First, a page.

How Do Air Suspended Vehicles Actually Work? An Overview for Those in a Mechanic Program

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A car without need of suspension? That might sound strange if you’re unaware of the notion—but it’s more doable than you think! While traditional suspension systems help keep cars safe, supported, and under control, air suspensions are a surprisingly viable alternative for car owners. Although they are more expensive than the typical kinds of materials used for suspension systems, they also come with a host of benefits that can improve a car owner’s driving experience.

Air suspension can do what other types of vehicle suspension materials can do, but with rubber-based bags doing the work in place of plastic or metal. Here’s a rundown of how air suspended vehicles function.

What Air Suspended Vehicles Are, and How They Work in Motion

For these types of suspensions, air springs replace the more traditional leaf or metal coil varieties. Air springs are also made from rubber, and look more like balloon-shaped bags than springs when inflated. Activating these air suspension bags can also be done by simply pressing a button. An air compressor, reservoir, and air dryer are used in conjunction with air springs at every corner to help this suspension function properly and provide the correct amount of air pressure. When functioning properly, this system allows for the ride height to be lowered. Air springs can also become stiffer the more they are compressed. An integrated air tank is used to facilitate changes in air pressure, while having the added function of helping to maintain high pressure levels.

Advantages and Disadvantages for Automotive School Students to Know About

Like most things in life, air suspensions come with their share of upsides and downsides. The less favourable aspects for students in a mechanic program to be aware of mainly concern how they can become less effective over time, with the air known to leak from these springs after long periods of usage. Installing this suspension system is also more complicated than the process is with other types. Additionally, car owners can expect to pay more for replacement springs than they would for the part on traditional systems. Air suspensions do, however, also come with various benefits. These include preventing damage to the chassis, adapting easily to weight fluctuations, maximizing fuel economy, and improving the car’s capacity for off-road activity. These springs also make it easier to climb into the vehicle, thanks to its capacity for lowering the car closer to the ground.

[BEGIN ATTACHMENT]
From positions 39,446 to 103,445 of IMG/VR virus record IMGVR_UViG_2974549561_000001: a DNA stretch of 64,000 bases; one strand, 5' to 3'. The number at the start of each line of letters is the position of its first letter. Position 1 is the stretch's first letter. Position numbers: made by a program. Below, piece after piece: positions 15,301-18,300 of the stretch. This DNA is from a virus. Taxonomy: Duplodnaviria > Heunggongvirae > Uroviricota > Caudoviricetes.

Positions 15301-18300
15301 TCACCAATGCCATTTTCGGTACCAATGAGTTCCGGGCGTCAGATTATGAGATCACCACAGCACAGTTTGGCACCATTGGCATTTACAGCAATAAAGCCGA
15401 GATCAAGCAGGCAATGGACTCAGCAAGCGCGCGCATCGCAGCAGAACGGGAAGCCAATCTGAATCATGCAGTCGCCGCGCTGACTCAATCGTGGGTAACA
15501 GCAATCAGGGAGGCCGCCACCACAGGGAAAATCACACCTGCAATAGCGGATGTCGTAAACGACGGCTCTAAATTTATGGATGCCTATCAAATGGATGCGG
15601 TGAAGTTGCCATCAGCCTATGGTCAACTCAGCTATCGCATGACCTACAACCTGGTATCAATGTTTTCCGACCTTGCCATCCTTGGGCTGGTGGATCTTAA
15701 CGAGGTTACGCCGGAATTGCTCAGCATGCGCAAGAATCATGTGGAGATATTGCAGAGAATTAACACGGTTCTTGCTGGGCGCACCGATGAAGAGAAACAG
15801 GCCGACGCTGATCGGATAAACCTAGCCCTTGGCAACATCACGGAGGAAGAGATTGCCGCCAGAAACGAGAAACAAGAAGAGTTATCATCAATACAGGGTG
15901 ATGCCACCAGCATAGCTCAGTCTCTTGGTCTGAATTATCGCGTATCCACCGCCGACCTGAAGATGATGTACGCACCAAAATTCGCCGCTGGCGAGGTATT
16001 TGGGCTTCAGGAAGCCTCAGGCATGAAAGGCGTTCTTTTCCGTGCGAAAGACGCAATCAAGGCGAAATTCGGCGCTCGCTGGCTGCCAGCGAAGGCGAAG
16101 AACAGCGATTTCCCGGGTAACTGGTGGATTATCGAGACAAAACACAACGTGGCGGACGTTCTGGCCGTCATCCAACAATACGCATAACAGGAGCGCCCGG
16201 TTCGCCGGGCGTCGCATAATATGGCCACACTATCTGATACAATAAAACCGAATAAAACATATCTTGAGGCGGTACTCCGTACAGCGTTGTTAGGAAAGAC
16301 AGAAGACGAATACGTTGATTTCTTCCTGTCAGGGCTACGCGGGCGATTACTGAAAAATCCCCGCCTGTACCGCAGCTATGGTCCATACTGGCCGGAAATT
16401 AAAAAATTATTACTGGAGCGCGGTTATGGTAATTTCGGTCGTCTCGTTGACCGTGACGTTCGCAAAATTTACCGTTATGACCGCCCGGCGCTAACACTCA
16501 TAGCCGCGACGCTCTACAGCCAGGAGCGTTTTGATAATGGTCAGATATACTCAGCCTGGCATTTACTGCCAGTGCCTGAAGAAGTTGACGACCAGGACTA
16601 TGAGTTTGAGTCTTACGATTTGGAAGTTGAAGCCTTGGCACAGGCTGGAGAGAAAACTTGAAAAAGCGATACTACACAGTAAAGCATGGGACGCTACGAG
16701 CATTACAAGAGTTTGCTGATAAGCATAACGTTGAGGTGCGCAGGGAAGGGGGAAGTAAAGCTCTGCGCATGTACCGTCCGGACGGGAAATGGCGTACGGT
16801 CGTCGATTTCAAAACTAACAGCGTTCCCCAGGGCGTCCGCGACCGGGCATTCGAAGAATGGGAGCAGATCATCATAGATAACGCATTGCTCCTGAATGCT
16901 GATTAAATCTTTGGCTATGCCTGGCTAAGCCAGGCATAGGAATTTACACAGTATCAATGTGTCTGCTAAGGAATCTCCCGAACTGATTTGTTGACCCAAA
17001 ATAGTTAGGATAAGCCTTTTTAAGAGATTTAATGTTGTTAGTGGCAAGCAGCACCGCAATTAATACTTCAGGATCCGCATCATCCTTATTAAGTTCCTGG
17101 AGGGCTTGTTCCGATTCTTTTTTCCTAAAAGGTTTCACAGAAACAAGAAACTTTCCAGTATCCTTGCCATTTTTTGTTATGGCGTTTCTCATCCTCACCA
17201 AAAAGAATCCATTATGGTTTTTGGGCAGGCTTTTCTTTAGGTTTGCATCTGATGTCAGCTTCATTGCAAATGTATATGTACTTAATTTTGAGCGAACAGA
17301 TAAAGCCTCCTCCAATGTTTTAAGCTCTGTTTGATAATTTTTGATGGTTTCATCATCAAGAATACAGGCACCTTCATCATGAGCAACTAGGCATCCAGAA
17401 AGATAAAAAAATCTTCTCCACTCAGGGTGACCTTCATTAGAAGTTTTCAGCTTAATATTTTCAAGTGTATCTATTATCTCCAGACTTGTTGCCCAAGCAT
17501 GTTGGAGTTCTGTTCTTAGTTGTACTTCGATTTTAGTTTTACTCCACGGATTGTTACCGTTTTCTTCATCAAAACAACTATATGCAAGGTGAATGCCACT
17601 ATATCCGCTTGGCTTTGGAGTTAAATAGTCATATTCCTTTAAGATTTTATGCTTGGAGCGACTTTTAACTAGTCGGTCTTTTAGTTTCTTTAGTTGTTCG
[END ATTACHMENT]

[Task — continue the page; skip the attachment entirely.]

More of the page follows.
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Air suspension systems also minimize damage to a car’s chassis

Additional Notes of Interest on Air Suspension

It may be of interest to students enrolled in automotive school to note that the rate of an air spring on this system can be modified at any time. This can make for a smoother, more comfortable journey for the driver. It’s also important to note that adding cargo to the vehicle can cause even further drops in ride height, with the additional weight resulting in the suspension system neutralizing the air pressure, further lowering the vehicle. 

A final fact on this type of system that auto mechanics and car enthusiasts might be surprised by is that air suspensions have been around longer than people might think. A similar concept was first patented all the way back in 1901, and the air suspensions we know today were first developed for the United States military during World War II to keep trucks at an acceptable height despite heavy loads inside the vehicles. 

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